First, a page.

• ITVI.USA
    16,350.840
    -55.350
    -0.3%
  • OTLT.USA
    2.731
    0.025
    0.9%
  • OTRI.USA
    21.660
    -0.160
    -0.7%
  • OTVI.USA
    16,343.200
    -45.660
    -0.3%
  • TSTOPVRPM.ATLPHL
    3.520
    0.380
    12.1%
  • TSTOPVRPM.CHIATL
    2.960
    -0.660
    -18.2%
  • TSTOPVRPM.DALLAX
    1.610
    0.250
    18.4%
  • TSTOPVRPM.LAXDAL
    3.340
    -0.130
    -3.7%
  • TSTOPVRPM.PHLCHI
    2.100
    -0.250
    -10.6%
  • TSTOPVRPM.LAXSEA
    3.860
    -0.220
    -5.4%
  • WAIT.USA
    126.000
    -2.000
    -1.6%
  • ITVI.USA
    16,350.840
    -55.350
    -0.3%
  • OTLT.USA
    2.731
    0.025
    0.9%
  • OTRI.USA
    21.660
    -0.160
    -0.7%
  • OTVI.USA
    16,343.200
    -45.660
    -0.3%
  • TSTOPVRPM.ATLPHL
    3.520
    0.380
    12.1%
  • TSTOPVRPM.CHIATL
    2.960
    -0.660
    -18.2%
  • TSTOPVRPM.DALLAX
    1.610
    0.250
    18.4%
  • TSTOPVRPM.LAXDAL
    3.340
    -0.130
    -3.7%
  • TSTOPVRPM.PHLCHI
    2.100
    -0.250
    -10.6%
  • TSTOPVRPM.LAXSEA
    3.860
    -0.220
    -5.4%
  • WAIT.USA
    126.000
    -2.000
    -1.6%
American ShipperShippingTrade and Compliance

Report: “K” Line found guilty of cartel behavior in South Africa

The Japanese ocean carrier could face a fine of as much as 10 percent of its annual revenues for its alleged involvement in a price-fixing scheme for auto shipping in South Africa, according to multiple media reports.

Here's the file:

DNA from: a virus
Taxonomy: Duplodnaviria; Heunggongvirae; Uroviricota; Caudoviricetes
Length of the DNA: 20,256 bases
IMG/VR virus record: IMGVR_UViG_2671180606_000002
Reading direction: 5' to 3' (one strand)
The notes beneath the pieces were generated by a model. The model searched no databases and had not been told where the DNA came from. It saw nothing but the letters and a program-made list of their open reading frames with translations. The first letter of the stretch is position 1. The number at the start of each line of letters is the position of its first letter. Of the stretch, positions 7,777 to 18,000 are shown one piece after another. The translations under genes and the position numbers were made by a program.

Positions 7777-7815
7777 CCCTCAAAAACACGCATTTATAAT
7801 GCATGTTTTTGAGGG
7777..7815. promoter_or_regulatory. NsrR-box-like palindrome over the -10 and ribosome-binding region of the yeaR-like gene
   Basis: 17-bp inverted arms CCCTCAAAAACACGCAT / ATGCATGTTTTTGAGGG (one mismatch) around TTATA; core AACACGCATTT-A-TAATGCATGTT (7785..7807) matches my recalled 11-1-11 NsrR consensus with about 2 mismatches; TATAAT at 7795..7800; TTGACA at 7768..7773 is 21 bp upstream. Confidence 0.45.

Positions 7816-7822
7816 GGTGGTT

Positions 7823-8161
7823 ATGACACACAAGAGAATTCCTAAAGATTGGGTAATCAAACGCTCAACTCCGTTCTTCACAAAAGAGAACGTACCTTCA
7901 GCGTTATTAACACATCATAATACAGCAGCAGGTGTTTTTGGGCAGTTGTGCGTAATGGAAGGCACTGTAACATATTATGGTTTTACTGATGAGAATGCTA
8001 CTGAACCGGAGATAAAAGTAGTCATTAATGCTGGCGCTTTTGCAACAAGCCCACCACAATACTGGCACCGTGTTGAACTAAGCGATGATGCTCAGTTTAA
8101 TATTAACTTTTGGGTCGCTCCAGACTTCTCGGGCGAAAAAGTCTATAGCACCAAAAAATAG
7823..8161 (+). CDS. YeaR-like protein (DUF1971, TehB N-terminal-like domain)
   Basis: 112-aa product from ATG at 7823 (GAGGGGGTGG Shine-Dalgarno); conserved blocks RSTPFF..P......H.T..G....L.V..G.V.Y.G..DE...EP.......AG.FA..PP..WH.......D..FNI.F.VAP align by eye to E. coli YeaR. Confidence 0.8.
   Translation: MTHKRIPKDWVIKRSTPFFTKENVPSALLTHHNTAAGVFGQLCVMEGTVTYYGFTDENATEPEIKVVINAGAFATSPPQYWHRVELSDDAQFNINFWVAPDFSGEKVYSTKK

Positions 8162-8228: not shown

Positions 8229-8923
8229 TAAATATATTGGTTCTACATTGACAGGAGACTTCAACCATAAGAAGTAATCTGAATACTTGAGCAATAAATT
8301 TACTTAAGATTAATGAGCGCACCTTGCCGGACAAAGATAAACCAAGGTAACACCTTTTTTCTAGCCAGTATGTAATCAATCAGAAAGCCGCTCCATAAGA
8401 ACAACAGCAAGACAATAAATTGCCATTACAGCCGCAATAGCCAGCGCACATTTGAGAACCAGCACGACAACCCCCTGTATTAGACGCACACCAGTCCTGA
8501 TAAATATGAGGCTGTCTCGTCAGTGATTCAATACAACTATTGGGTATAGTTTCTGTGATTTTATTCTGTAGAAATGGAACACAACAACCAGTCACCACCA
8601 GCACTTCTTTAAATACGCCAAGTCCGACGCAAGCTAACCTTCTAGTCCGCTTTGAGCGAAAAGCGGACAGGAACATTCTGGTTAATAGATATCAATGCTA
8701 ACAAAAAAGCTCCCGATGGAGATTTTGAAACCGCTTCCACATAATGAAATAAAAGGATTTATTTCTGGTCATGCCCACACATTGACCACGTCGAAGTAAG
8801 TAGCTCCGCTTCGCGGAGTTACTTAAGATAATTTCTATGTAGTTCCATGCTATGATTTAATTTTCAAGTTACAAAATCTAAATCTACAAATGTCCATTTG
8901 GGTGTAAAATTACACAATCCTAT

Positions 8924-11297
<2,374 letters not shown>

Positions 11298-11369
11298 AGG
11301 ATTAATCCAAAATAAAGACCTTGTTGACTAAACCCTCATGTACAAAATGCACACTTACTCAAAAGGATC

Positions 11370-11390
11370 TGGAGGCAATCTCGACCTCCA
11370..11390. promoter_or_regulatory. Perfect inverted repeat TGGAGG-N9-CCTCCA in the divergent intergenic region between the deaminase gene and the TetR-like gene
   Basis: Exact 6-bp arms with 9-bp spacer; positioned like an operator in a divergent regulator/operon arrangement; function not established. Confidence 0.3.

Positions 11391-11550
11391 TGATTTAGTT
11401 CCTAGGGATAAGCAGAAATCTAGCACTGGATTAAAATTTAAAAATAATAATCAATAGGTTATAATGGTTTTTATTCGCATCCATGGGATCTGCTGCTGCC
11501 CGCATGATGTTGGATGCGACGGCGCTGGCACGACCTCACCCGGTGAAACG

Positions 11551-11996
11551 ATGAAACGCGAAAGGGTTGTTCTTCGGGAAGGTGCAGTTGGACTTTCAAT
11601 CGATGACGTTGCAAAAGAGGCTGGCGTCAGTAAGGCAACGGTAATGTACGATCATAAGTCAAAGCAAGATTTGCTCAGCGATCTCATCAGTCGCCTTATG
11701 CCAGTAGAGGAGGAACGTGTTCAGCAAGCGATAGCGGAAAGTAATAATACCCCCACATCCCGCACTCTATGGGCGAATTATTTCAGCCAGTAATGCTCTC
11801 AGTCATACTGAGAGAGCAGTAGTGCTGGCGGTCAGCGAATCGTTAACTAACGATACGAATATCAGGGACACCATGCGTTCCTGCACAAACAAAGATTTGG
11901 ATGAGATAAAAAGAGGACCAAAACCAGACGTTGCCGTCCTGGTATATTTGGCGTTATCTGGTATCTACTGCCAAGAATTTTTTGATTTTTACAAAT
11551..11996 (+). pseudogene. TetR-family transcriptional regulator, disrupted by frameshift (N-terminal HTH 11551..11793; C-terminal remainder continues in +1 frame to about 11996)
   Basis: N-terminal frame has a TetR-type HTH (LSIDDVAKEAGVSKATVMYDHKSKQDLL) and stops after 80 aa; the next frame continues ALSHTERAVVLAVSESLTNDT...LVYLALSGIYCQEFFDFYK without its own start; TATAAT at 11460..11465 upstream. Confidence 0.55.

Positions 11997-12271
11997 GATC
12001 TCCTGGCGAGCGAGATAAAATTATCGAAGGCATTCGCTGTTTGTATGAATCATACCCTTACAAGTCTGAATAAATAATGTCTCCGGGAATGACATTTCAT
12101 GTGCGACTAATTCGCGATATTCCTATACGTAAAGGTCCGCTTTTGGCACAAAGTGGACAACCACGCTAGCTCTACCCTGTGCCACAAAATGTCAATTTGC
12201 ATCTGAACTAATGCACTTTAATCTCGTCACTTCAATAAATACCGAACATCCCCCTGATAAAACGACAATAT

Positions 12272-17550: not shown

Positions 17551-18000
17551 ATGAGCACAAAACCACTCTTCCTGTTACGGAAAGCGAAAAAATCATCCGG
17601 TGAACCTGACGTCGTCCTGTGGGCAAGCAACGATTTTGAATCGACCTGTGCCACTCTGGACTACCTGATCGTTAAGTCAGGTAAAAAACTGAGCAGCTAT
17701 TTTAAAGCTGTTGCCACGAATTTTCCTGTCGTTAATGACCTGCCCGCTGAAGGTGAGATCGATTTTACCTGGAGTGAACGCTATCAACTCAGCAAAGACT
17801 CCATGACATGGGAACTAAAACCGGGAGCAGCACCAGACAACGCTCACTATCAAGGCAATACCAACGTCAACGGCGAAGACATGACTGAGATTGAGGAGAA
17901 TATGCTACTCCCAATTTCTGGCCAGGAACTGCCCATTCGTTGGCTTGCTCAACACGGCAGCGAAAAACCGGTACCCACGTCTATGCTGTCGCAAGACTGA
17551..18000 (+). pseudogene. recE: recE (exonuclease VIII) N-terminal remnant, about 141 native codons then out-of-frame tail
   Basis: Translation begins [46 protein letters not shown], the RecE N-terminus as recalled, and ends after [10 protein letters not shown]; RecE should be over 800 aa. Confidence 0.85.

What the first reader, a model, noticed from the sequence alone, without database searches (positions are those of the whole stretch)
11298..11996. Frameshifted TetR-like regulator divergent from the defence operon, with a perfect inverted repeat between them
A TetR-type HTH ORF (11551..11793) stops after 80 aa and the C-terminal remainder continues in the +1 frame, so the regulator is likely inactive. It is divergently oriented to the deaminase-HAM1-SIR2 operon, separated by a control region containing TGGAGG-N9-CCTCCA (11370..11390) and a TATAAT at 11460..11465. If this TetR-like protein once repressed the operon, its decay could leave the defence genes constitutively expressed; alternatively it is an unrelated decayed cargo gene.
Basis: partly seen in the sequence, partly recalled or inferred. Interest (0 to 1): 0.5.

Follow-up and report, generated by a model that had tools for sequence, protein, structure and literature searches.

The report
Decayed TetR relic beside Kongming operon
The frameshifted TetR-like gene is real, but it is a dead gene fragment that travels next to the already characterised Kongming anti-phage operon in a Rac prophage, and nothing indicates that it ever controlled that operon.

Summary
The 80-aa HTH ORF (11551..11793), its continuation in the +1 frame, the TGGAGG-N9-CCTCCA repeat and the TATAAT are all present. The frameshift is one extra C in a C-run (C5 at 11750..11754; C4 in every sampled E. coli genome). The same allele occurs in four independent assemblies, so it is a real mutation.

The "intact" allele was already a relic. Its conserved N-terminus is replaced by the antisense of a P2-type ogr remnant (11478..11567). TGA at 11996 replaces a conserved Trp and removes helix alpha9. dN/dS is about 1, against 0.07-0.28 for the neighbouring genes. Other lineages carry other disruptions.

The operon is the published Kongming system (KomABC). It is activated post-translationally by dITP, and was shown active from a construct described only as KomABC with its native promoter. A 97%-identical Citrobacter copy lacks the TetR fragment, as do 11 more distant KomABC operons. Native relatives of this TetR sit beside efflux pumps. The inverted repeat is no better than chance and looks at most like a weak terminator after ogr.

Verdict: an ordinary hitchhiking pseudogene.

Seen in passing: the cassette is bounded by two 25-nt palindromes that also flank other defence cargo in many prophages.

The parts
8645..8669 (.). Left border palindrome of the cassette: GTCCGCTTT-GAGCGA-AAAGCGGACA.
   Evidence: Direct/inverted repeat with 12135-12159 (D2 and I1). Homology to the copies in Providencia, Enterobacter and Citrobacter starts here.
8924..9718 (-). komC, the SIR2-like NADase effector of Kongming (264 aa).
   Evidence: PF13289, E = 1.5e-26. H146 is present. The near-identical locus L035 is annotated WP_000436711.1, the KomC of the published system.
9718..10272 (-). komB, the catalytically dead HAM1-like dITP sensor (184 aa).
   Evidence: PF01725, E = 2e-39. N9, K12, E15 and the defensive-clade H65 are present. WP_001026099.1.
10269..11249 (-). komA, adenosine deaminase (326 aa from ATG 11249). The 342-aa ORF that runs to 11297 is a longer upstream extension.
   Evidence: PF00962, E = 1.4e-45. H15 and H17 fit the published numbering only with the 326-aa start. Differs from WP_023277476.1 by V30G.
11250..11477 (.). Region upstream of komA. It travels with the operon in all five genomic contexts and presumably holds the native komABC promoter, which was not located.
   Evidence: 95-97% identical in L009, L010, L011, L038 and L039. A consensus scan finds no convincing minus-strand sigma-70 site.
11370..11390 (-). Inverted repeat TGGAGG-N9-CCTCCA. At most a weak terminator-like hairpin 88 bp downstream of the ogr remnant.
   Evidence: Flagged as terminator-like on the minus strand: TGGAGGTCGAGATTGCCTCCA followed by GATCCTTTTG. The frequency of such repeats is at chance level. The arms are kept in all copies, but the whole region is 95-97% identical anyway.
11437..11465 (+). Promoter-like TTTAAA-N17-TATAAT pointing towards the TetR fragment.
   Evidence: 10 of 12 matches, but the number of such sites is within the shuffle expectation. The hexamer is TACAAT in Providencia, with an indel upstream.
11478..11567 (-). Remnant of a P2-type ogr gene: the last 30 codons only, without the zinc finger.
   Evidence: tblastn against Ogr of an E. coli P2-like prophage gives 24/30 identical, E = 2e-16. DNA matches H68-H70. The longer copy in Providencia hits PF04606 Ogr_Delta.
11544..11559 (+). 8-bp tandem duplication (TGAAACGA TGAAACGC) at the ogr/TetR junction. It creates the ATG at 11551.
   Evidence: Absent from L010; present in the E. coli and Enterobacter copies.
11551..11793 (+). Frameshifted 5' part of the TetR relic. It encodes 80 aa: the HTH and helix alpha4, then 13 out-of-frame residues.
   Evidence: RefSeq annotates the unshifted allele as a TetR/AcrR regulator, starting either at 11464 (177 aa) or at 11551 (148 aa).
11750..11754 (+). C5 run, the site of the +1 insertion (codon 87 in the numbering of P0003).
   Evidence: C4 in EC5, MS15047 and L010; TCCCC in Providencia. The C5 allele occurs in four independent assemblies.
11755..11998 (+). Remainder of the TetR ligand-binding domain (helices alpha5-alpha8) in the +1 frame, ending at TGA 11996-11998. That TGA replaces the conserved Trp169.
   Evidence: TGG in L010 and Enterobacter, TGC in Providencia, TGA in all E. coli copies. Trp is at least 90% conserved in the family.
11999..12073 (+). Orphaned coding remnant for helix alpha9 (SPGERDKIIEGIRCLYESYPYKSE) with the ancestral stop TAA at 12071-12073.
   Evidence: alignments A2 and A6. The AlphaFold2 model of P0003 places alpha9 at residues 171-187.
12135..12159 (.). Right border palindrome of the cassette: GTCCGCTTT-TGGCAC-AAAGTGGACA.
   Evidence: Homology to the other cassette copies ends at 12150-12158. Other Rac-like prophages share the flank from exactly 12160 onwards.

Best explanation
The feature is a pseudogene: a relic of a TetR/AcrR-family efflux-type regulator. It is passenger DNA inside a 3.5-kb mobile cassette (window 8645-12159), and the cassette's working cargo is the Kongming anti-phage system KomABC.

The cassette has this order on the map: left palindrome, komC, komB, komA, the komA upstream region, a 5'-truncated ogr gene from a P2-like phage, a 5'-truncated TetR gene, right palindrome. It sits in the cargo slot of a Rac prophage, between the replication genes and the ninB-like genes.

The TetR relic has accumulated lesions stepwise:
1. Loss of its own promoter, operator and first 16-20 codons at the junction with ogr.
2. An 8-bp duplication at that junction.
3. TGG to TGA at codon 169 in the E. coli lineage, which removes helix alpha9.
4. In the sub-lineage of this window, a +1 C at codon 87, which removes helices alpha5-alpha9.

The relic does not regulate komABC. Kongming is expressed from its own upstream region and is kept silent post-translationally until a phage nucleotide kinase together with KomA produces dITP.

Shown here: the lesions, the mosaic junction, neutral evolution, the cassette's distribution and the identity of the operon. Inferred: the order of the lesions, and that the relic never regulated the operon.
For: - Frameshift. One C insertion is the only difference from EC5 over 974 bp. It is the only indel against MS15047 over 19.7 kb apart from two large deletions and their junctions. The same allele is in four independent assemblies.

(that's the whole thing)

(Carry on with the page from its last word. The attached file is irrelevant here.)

Japanese ocean carrier Kawasaki Kisen Kaisha, Ltd. (“K” Line) has been found guilty of cartel behavior in South Africa, according to multiple media reports.
   The South African Competition Committee (SACC) has recommended a fine of as much as 10 percent of the company’s annual revenues for its alleged involvement in a price-fixing scheme for auto shipping in South Africa.
   “K” Line reported revenues of 1.24 trillion Japanese yen (U.S. $10.9 billion) in its fiscal year 2015-2016, meaning the imposed fine could be as high as $1 billion, although that seems unlikely given the previous fines handed down in this case.
  The case is part of an ongoing investigation by the SACC into collusive behavior on the part of shipping liners operating in South Africa from 2002 to 2013. The regulatory body in 2015 fined fellow Japanese ocean carrier Nippon Yusen Kaisha (NYK) $8 million and Norwegian firm Wallenius Wilhelmsen Logistics AS (WWL) $7.5 million after both admitted to price fixing, market division and collusive tendering for shipping Toyota vehicles from South Africa to Europe, North Africa and the Caribbean.
   In addition, the commission found “K” Line, NYK, WWL and MOL colluded on the number and frequency of vessel services between South Africa and Europe routes and the freight rates they would charge Toyota South Africa Motors (TSAM) for auto shipments.
   MOL was not fined as it was first to come forward to the commission about the behavior and cooperated fully with its investigation.
   At the time, the SACC said it would continue to investigate the remaining carriers named previously in the suit, including “K” Line, WWL, Chile-based CSAV, Norwegian Höegh Autoliners‚ and Eukor Car Carriers of South Korea.

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